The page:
The Thirty Years’ War – Part 18

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translated by Annika Backe

On December 4, 1644, the 135 representatives of the powers involved in the war gathered in Osnabrück and Münster. The congress’ agenda comprised four main items: the complaints of the estates, the conditions for an amnesty of the rebels, the satisfaction of the allies abroad, and the compensation of the dispossessed. Then there were the international negotiations. The city of Münster, where the French envoys had settled themselves, witnessed simultaneous negotiations for a peace between France and Spain as well as Spain and the United Netherlands.

Some of the difficult peace negotiations took place at the townhall of Münster. Photograph: Florian Adler /

Even when the negotiations were underway, the military operations did not stop. Every party involved made a final effort to gain an advantage at the negotiating table. At this point, we do not want to look at every single aspect of the military strategy, mainly because in this final stage of the war neither siege coins nor emergency money was produced any more. Here, we would only like to summarize the results of the negotiations conducted by the powers present at Münster and Osnabrück. After all, those results were to provide the basis for the wars fought in the next generation. An author of that era described the stipulations laid down in the Peace of Westphalia “une sémence éternelle de guerres“ (= eternal war seed). The following events proved him right in his prediction.

Pomerania under Swedish control. Christina, Ducat 1641, Stettin. Ex Künker Auction 269 (2015), 6926.

Pomerania was divided. Sweden got one half, as a reward for its “help”, while Brandenburg kept the other. To cover the expenses for disbanding the army, Sweden was granted a payment amounting to 5 million thaler in addition.

Medal from 1682 on the territories gained thanks to the Peace of Westphalia. Ex Rauch Auction 84 (2009), 1785.

Alsace was relinquished to France. The relevant agreement was highly complex in the light that the emperor wanted to prevent the French king, possessing Alsace, from being entitled to a seat in the Imperial Diet. The emperor, therefore, transferred all his rights to Alsace to the French king whereas the imperial cities continued to be under the control of the empire.

Palatinate. Charles Louis, 1648-1680. Ducat 1662, Heidelberg. Ex Künker Auction 258 (2015), 407.

Charles Louis, Elector Palatine, son of the infamous Winterking, was given Heidelberg and the Rhenish Palatinate. The electoral dignity of the Palatinate, in contrast, remained under the Bavarian line of the House of Wittelsbach while an eighth electoral dignity was created for Charles Louis. In the Electoral College, however, he was only the last one to cast his vote. 

Despite the fact that the Thirty Years’ War had once been triggered by religious reasons, only a very few stipulations were actually laid down in regards to religion. The Edict of Restitution was completely abolished, and Calvinism was made the third official religion in the empire.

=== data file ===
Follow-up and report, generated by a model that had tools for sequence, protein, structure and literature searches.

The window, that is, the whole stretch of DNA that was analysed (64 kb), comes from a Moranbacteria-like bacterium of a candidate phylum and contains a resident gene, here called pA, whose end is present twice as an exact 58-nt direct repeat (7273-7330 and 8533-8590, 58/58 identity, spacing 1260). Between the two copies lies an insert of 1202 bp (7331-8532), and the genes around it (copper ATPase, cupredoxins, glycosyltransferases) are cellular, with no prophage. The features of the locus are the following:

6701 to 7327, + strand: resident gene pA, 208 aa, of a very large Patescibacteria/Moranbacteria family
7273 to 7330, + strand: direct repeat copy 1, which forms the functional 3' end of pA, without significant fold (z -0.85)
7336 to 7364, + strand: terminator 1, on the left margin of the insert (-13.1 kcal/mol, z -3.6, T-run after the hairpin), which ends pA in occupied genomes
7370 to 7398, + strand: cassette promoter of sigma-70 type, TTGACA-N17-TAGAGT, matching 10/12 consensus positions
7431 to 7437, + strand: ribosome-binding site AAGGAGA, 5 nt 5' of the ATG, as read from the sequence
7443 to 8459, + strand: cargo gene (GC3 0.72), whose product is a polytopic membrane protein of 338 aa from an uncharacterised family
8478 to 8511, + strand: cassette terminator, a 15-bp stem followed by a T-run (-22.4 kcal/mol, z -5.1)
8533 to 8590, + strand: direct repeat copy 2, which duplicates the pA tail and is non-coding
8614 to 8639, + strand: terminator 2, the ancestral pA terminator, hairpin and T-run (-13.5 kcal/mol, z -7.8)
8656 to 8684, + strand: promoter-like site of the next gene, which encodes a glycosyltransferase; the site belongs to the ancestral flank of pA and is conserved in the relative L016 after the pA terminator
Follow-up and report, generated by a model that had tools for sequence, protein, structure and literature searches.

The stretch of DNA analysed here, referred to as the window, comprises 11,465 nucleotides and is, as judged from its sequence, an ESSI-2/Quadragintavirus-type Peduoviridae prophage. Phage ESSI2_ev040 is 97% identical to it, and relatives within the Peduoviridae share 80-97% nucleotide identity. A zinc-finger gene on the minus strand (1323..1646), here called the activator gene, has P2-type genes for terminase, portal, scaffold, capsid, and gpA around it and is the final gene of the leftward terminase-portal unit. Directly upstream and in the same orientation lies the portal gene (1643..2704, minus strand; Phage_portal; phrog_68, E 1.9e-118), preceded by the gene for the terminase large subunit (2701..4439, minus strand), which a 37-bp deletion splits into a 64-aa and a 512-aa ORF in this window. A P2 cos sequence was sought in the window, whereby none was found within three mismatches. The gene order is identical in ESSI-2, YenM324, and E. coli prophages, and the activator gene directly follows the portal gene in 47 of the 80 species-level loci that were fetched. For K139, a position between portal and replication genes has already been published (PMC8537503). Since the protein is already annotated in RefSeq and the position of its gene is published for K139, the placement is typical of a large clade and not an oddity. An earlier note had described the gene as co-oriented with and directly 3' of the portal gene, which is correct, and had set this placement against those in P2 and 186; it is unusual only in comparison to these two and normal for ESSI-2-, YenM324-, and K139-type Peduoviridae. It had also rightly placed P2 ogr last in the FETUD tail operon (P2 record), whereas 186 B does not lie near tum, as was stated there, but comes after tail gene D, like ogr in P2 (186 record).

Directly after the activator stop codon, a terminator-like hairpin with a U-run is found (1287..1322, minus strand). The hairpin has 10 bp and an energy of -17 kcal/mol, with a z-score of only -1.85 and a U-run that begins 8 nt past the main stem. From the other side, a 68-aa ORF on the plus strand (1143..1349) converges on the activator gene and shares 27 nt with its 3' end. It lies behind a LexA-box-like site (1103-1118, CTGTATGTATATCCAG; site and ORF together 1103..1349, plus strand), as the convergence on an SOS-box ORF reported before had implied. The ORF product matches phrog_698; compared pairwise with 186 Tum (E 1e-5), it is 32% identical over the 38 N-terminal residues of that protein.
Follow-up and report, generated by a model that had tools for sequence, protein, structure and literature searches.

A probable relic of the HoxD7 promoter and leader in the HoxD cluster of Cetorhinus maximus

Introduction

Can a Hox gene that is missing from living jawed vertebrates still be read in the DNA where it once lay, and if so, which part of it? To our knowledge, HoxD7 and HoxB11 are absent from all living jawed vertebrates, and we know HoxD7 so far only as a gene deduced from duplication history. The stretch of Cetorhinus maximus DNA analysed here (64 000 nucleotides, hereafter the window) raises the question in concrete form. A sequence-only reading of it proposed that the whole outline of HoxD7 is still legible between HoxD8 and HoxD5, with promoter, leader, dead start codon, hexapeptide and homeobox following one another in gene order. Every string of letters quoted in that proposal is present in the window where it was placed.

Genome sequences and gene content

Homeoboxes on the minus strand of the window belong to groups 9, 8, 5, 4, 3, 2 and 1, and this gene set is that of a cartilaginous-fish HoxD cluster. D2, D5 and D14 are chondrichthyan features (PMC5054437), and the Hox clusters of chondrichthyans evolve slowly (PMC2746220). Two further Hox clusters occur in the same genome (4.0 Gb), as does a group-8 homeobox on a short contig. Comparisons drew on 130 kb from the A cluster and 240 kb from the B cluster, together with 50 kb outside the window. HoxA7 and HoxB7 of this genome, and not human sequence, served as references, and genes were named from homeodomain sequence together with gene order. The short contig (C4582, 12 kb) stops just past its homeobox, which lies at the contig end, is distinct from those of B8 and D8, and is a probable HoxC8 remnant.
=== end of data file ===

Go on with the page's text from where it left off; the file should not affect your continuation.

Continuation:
Gerard ter Borch, The Ratification of the Treaty of Münster 1648. Spanish and Dutch envoys swear the oath of ratification of their separate peace.

As a matter of fact, the peace between the Netherlands and Spain was prompted by a blunder of the French representatives. The information that they had approached the Spanish envoys and suggested an exchange of conquered Catalonia for the Spanish Netherlands went out and alienated the Dutch to such an extent that they immediately started to prepare peace negotiations acceptable for Spain. And when word got around that the King of France was to marry a Spanish infanta the United Netherlands signed the peace treaty right away and abandoned their untrustworthy allies. On January 30, 1648, the treaty was signed. 

1647 medal by Jean Looff in Middelburg on the slow pace of the peace negotiations in Münster. Ex Leu Numismatik AG Auction 92 (2004), 238.

Already the same summer, the governor general of the Spanish Netherlands, a son of the German emperor, invaded France. The army his father had provided him with was annihilated. Emperor Ferdinand III was thus forced to agree to peace. He gave the order to sign the peace treaty. It took the diplomats another three weeks to finally reach an agreement about the order in which the parties involved were to sign the document. 

Münster. 1648 silver medal on the Peace of Westphalia, by E. Ketteler. Ex Künker Auction 249 (2014), 1862.

On October 24, 1648, the treaty was signed. As late as six years later, in May 1654, the last occupying troops withdrew from Germany. Clearing up the mess this war had left – a war which had turned the balance of power upside down in all of Europe –, on the other hand, took much longer. 

All parts of the series can be found here.

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